The kotel has become an important Jewish symbol and pictures of it are venerated by Jews around the world. Jews have prayed—and dreamed of praying—at the kotel for generations. The custom of weeping at the kotel for the destruction of Jerusalem and the Temple led the the kotel’s other name the “wailing wall” “al-mabka.” Those unable to make a pilgrimage to Jerusalem and pray at the kotel have sent their prayers in writing which is likely the source of the custom to insert p’takim or kvitlakh (notes containing prayers) into the cracks of the Western Wall. Pope John Paul II left a prayer for Christian-Jewish reconciliation in the Kotel during his visit in 2,000.
Jerusalem is seen as the center—the navel—of the world and even after the destruction of the Temple (70 C.E.) Jerusalem remained the focus of Jewish prayer. Jewish law requires one to turn toward the Temple Mount in prayer and synagogues around the world are built to face Jerusalem. Remembering Jerusalem is a central idea in Judaism. It is based on Psalm 137:
If I forget you, Jerusalem, let my right hand forget its skill.
Let my tongue stick to the roof of my mouth if I don’t remember you;
if I don’t prefer Jerusalem above my chief joy. (vv. 5-6)
The memory of Jerusalem is focused on—but not limited to—the destroyed Temple. According to a practice mentioned in the Talmud, it is customary to leave a portion of one’s home unpainted or unplastered in memory of the destruction. Popular culture connects the breaking of a glass at a wedding (“my chief joy”) with the destruction of Jerusalem.
Jewish dreams for restoration have been expressed in terms of a rebuilt Jerusalem. (Traditionally, and for some today, this includes a Third Temple and the resumption of sacrifices.) Hopes for a rebuilt Jerusalem are a central theme of Jewish prayer and are repeated several times each day. An example of one such prayer is:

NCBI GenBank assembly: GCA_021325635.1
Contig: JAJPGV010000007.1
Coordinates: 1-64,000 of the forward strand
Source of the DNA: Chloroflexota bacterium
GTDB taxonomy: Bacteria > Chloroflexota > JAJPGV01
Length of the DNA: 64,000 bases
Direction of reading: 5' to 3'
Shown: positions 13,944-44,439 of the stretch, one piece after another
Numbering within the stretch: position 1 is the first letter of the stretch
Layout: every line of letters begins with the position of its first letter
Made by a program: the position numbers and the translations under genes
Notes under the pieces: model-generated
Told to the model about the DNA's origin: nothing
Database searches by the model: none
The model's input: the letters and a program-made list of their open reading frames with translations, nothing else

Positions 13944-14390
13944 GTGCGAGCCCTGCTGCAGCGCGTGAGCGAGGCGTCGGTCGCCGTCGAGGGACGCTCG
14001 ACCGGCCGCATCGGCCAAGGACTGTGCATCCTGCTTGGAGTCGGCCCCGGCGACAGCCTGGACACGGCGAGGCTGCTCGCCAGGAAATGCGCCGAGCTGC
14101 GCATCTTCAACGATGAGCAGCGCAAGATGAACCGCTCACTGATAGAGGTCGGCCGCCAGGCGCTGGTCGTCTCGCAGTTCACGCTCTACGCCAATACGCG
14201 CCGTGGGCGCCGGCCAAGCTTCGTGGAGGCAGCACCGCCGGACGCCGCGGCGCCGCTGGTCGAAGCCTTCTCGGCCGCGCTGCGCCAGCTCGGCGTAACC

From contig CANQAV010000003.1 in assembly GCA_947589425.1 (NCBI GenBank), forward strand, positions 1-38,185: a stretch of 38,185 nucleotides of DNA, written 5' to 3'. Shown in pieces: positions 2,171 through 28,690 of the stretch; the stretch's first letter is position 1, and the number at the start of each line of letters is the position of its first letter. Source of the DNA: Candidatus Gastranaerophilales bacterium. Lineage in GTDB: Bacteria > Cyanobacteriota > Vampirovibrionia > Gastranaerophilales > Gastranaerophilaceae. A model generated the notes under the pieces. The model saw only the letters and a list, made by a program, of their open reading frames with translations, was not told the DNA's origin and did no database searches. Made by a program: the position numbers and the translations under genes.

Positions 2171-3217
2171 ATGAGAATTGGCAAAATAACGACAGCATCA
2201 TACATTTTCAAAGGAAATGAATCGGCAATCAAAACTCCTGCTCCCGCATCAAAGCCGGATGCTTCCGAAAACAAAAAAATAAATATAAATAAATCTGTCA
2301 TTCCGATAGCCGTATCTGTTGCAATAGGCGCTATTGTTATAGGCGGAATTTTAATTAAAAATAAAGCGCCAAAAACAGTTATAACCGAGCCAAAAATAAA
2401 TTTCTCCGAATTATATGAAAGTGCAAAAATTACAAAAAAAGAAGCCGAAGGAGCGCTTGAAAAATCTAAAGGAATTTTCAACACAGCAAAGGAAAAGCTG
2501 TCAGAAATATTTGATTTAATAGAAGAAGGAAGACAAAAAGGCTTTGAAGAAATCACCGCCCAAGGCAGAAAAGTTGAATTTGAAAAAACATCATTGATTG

May You return to Jerusalem Your city in compassion. … May You rebuild it soon in our days … Blessed are You God, the Builder of Jerusalem.
(From the daily `amida)
The desire to be in Jerusalem is also expressed in Jewish burial customs. For nearly 2,000 years Jews outside Jerusalem have arranged to be buried in Jerusalem (usually on the Mount of Olives). On two occasions, Passover and Yom Kippur, major Jewish rituals conclude with a wish about Jerusalem. Jews outside Jerusalem say “Next year in Jerusalem” and Jews in Jerusalem say “Next year in rebuilt Jerusalem.”
Today Jerusalem is as much a national symbol as a religious one. Even without the Temple, the concept of pilgrimage to Jerusalem exists amongst both Israeli and Diaspora Jews. Many Jews from around Israel and the Diaspora come to Jerusalem to celebrate their child’s Bar Mitzvah (for a daughter: Bat Mitzvah), often at the Western Wall. The army and the state conduct regular ceremonies in the Western Wall plaza including the opening of Israel’s Memorial Day for fallen soldiers.
The eschatological concept of a perfect “heavenly Jerusalem” envisages a city for which God cares and has prepared for the future. “Heavenly Jerusalem” corresponds to the imperfect “earthly Jerusalem” which is popularly understood to be a work-in-progress striving to reach the heavenly ideal.
There has nearly always been a small and nearly continuous Jewish presence in Jerusalem since the destruction in 70 C.E.